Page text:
Yeah. So the nasal steroids actually have great evidence to be used both for allergic rhinitis and for many of the diseases that we talked about in some of the other podcasts, including chronic rhinosinusitis or reoccurring acute rhinosinusitis, where there's just an overall inflammation inside the sinonasal cavity. This just calms the inside of the nose down. It's a topical steroid. It's sprayed within the nose, usually dosed once or twice a day. What I like to think of it, it addresses the root of the problem.

The inflammation.

The inflammation, correct. So it really reduces the overall amount of goblet cells in the nose, the inflammatory, or those mediators in the nose and the immune system that are really creating the immune system to start with to create this inflammation.

Now, do you think that a patient with allergic rhinitis could also take the antihistamine orally, antihistamine nasal spray, and a topical steroid nasal spray, or should they use them separately? What's your thought on that?

It really depends on the patient's response and the overall diagnosis that you've come up with your doctor and your treatment plan. However, commonly we like to use both and we feel like patients get a good response by both blocking with an antihistamine and using a topical nasal steroid like Flonase or Nasonex.

Both of which they could get over the counter.


It's possible that they could start their own treatment and then if things weren't going well they could end up seeing their physician.

There is a new medication, Dymista, that has actually combined the two together. So you can get it in a single spray, which patients are noting that they've really enjoyed using just one medication instead of two separate.

Now, let's say they have the common cold or sinusitis. Do the same medications work?

Yes. In general, though, we don't typically use antihistamines for chronic sinusitis unless they have a comorbidity or that's one other disease process that they also have on top of the chronic sinusitis that we want to help control symptomology. So if they have allergies and we want to help control some of that drippy nose, postnasal drip symptoms, we can add on an antihistamine. But, yeah, the steroids are great, as we talked about. It's really disease of inflammation, so that topical nasal steroid is ideal for helping.

Would you recommend using an oral, what we call, sympathomimetic, like pseudoephedrine or Sudafed for someone who has the common cold or sinusitis?

Those are really two different diseases and two different applications for that. For an acute onset cold or viral rhinosinusitis or bacterial, this can help make the patient feel better. I don't think it really helps get you over the illness quicker. But it can help improve your overall well-being. Now, in sinusitis it can also improve your overall feel of increasing your ability to breathe through your nose. But this doesn't get at the root of the cause of the disease itself, and we commonly don't like to think of using these long-term in a disease like chronic rhinosinusitis, which is a chronic condition. You'd have to use this over potentially months and years, which we're concerned about the possibility of hypertension.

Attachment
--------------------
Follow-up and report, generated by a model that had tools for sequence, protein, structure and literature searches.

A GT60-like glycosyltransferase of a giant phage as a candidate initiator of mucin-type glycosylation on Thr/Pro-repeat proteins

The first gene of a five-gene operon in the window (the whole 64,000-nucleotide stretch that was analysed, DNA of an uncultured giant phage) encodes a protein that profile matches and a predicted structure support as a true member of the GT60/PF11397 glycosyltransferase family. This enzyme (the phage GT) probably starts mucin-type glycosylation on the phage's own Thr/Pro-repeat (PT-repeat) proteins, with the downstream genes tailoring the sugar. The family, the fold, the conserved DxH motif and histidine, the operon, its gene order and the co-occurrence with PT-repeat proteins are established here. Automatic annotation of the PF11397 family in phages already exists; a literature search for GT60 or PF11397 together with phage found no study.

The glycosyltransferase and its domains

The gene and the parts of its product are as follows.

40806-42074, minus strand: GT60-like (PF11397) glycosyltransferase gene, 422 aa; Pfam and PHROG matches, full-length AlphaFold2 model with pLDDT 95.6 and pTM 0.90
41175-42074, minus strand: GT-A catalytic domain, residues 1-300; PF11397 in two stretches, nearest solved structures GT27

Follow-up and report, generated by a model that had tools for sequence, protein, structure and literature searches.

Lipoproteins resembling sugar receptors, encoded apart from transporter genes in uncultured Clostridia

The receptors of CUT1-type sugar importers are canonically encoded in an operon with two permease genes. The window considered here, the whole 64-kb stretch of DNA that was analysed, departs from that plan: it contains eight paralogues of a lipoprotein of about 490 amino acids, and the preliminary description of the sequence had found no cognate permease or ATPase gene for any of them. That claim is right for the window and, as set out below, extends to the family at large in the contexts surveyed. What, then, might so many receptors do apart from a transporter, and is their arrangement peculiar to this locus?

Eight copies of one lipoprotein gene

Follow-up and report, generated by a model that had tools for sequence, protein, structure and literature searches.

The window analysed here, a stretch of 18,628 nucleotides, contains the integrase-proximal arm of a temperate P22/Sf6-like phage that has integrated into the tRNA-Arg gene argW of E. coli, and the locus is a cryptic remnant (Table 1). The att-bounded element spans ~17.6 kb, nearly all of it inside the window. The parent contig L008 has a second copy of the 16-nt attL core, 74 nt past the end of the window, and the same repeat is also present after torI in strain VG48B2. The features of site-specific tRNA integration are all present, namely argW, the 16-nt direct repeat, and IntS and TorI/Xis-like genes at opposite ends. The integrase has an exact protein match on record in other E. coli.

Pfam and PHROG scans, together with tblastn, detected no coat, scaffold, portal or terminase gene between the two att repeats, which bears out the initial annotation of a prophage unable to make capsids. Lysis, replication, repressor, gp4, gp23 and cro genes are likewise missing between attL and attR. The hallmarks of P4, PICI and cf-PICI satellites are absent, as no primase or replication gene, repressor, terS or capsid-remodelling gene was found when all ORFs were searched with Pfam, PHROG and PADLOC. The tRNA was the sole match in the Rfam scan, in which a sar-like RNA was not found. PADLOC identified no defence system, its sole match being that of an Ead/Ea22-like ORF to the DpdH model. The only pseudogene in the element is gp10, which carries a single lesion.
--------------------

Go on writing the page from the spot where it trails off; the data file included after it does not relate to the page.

Now, you could also use the same medication as the nasal spray for a few days, I understand.

Afrin or over-the-counter oxymetazoline is a great sympathomimetic, which really reduces the overall swelling inside the nose. We commonly like to really counsel the patient that these are great short-term. So these are two to three-day treatment options, and then they really need to consider trying to come off of them.

So to wrap up, it sounds like if one has allergic rhinitis the bottom line there would be to use antihistamines orally and perhaps nasally, and also to use nasal steroids to reduce the inflammation. But when you have the common cold or sinusitis you could use an oral agent that is a medicine like pseudoephedrine or Sudafed. Or you could also use a similar compound as a nasal spray that would come as oxymetolazone [SP] or a similar compound. Then, you could also use the nasal steroids to reduce the inflammation for a short course.

TheScopeRadio.com is University of Utah Health Sciences Radio. If you like what you heard, be sure to get our latest content by following us on Facebook. Just click on the Facebook icon at TheScopeRadio.com.

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All we did was write a class specific to this test called FooTestDouble . In that class we override the protected RenderView method and set a property with the passed in argument. Then in our test, we can simply check that the argument matches our expectation (and we get a human friendly assert message to boot).

Interestingly enough, I have shown this technique to some developers who told me it made them feel dirty (I’m not naming names). They didn’t feel this was a valid way to write a unit test. One complaint is that one shouldn’t have to inherit from a class in order to test that class.